A Lot or a Little?
What you will—and won't—find in this game.
Kids can learn about puzzles while practicing their logic and problem-solving skills in this inventive and challenging puzzle game. Puzzles are never the same twice and rarely have just one solution, meaning kids will need to rely not on memory but instead their understanding of the game's rules and logic. This will give them ways to manipulate and combine the game's objects and creatures to achieve objectives. It can be pretty tough, and losing means restarting the game from scratch, but kids will get better as they learn. Road Not Taken will test some players' patience, but it provides a good mental workout and can be enormously satisfying when success is finally achieved.
The narrative tells the tale of a well-meaning ranger who settles in a village and helps the residents find and happily reunite with their children, some of whom get lost during each year's annual blueberry harvest. Game action promotes puzzle solving rather than violence. Plenty of absurdist humor -- including occasional poop jokes -- comes via text dialogue.
Positive Role Models
The Ranger helps people by rescuing children lost in the wild and sharing his berries, bunnies, rice, and gold with people who need them. He doesn't engage in violence (though he frequently tosses enemies out of his way, sometimes causing them to combine with other objects and turn into something), but instead spends his time solving puzzles and avoiding creatures that can hurt him.
Ease of Play
The interface is simple, with basic controls to move, interact with items, and learn more about specific creatures and objects. But while the puzzles start off pretty easy, they quickly grow in difficulty. Most players' first game will likely end around the third or fourth of 15 levels, forcing them to start all over again. They'll likely make it only one or two levels further with each succeeding attempt. There's no option to make it any easier.
Violence & Scariness
The screen flashes red, and the hero's energy drops whenever he bumps into an enemy, like a ghost or a wolf.
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Sex, Romance & Nudity
One fellow mentions having a "love child," but that's about as racy as it gets.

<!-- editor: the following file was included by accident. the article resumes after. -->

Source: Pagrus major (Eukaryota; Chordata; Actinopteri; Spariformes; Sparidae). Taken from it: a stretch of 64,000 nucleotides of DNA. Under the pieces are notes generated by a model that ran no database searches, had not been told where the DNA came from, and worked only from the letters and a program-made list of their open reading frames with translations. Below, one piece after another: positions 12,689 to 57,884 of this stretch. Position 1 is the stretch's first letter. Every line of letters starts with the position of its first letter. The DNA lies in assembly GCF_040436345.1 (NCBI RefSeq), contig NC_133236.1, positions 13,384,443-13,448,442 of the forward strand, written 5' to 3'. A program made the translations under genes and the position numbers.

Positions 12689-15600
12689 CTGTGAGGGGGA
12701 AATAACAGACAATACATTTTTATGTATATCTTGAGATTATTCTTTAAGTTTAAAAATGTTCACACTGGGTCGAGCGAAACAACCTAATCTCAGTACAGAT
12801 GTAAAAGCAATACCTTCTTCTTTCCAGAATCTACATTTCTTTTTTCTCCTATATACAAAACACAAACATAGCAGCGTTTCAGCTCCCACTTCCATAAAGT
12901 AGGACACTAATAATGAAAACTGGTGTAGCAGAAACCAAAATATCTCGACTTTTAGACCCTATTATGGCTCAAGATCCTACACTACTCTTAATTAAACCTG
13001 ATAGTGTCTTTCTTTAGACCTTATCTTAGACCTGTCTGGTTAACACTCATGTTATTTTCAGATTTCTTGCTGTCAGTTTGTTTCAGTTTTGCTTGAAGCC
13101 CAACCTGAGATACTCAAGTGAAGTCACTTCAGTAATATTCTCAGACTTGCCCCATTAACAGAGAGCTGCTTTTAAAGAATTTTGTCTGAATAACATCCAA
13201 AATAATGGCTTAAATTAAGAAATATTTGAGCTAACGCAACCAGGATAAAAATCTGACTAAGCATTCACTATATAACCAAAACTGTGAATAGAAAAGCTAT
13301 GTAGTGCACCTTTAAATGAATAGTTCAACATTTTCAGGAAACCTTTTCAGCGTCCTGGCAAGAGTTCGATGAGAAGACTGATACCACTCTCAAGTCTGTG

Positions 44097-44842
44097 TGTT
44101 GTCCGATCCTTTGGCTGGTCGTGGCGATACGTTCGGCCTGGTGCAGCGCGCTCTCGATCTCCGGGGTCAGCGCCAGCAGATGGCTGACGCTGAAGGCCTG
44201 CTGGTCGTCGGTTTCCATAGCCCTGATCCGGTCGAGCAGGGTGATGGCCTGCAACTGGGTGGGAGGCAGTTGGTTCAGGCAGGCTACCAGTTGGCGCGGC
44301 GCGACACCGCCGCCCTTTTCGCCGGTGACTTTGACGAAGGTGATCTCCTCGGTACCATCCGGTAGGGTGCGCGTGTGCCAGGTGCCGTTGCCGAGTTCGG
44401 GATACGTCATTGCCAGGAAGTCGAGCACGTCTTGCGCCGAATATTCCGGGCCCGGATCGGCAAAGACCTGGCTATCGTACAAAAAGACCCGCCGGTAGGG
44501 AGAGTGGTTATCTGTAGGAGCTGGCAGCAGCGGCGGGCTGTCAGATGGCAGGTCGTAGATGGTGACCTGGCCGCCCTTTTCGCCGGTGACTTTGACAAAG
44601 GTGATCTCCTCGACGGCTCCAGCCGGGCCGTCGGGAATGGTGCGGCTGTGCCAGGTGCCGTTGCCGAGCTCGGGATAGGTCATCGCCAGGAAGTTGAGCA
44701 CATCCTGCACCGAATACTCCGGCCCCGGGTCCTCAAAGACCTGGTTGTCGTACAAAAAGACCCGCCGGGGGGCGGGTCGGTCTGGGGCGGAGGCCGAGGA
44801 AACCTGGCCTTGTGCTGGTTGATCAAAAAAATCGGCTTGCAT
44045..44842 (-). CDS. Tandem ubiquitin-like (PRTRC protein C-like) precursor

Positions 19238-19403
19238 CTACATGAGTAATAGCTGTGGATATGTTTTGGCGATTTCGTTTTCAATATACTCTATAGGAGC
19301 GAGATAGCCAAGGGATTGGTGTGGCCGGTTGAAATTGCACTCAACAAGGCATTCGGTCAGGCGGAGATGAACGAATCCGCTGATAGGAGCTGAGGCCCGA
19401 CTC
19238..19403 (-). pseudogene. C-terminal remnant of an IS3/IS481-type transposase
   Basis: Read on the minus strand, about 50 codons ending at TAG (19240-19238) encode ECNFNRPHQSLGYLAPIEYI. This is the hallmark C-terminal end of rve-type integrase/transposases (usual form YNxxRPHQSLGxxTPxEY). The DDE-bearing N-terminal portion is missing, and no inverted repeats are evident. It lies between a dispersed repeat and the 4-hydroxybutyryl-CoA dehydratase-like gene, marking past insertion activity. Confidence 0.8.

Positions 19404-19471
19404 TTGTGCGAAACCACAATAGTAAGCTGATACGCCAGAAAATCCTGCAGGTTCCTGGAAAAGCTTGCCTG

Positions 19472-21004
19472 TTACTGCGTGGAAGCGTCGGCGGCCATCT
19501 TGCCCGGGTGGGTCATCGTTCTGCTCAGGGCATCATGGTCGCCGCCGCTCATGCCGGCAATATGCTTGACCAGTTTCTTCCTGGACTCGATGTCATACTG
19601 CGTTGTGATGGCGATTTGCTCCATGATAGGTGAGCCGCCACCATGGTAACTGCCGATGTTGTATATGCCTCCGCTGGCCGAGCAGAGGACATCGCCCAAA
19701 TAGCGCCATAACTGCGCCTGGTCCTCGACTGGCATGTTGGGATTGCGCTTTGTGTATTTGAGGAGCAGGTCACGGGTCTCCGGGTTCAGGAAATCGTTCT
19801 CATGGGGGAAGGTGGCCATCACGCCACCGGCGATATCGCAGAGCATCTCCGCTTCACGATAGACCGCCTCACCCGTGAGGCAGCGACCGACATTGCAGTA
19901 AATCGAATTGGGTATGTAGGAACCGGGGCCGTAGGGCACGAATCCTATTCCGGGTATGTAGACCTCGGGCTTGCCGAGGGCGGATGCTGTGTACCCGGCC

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Parents Need to Know
Parents need to know that Road Not Taken is a challenging downloadable puzzle game in which players need to learn how to best use a vast array of objects and creatures to make their way through a series of randomly generated puzzles. It gets pretty hard pretty fast and could prove frustrating to players who struggle with patience. But there's not really any violence to speak of, and the game's conundrums -- few of which are restricted to one-answer solutions -- promote good lateral thinking. Plus, it dishes out some legitimately funny off-the-wall humor that's sure to delight kids whose tastes run a bit outside the mainstream. Parents will also like the displayed result of solved puzzles -- mothers and lost children reuniting happily in a safe space -- which adds a positive element to gameplay.
Is It Any Good?
Road Not Taken is for a very specific kind of player: Those who enjoy tough puzzles, have a quirky sense of humor, and don't mind restarting a game from scratch every time they fail. If you don't meet this criteria, you'll almost certainly become frustrated within the first few puzzles. But if you do, then this game may prove to be a lot of fun. The interactions between objects are deeply multifaceted and frequently surprising. At their most basic, you might simply have to figure out how to throw a few stones or pines together to open a gate. But as the game progresses, you'll learn how to do things like create honey from beehives (which will help restore the Ranger's health) and make ice from white ghosts (which lets you switch the position of two objects). These discoveries may come as rewards for helping non-player characters or through happy accidents while in the wild. Regardless, they're always useful and frequently satisfying.
An option to lower difficulty -- by, say, raising the amount of energy the Ranger has with each new venture into the forest -- might have resulted in a little less frustration for some players. But there's no denying that Road Not Taken is an innovative and gratifying puzzle adventure game -- and one that's safe and appropriate for anyone old enough to handle its crafty conundrums.
Did we miss something on diversity?
Research shows a connection between kids' healthy self-esteem and positive portrayals in media. That's why we've added a new "Diverse Representations" section to our reviews that will be rolling out on an ongoing basis. You can help us help kids by suggesting a diversity update.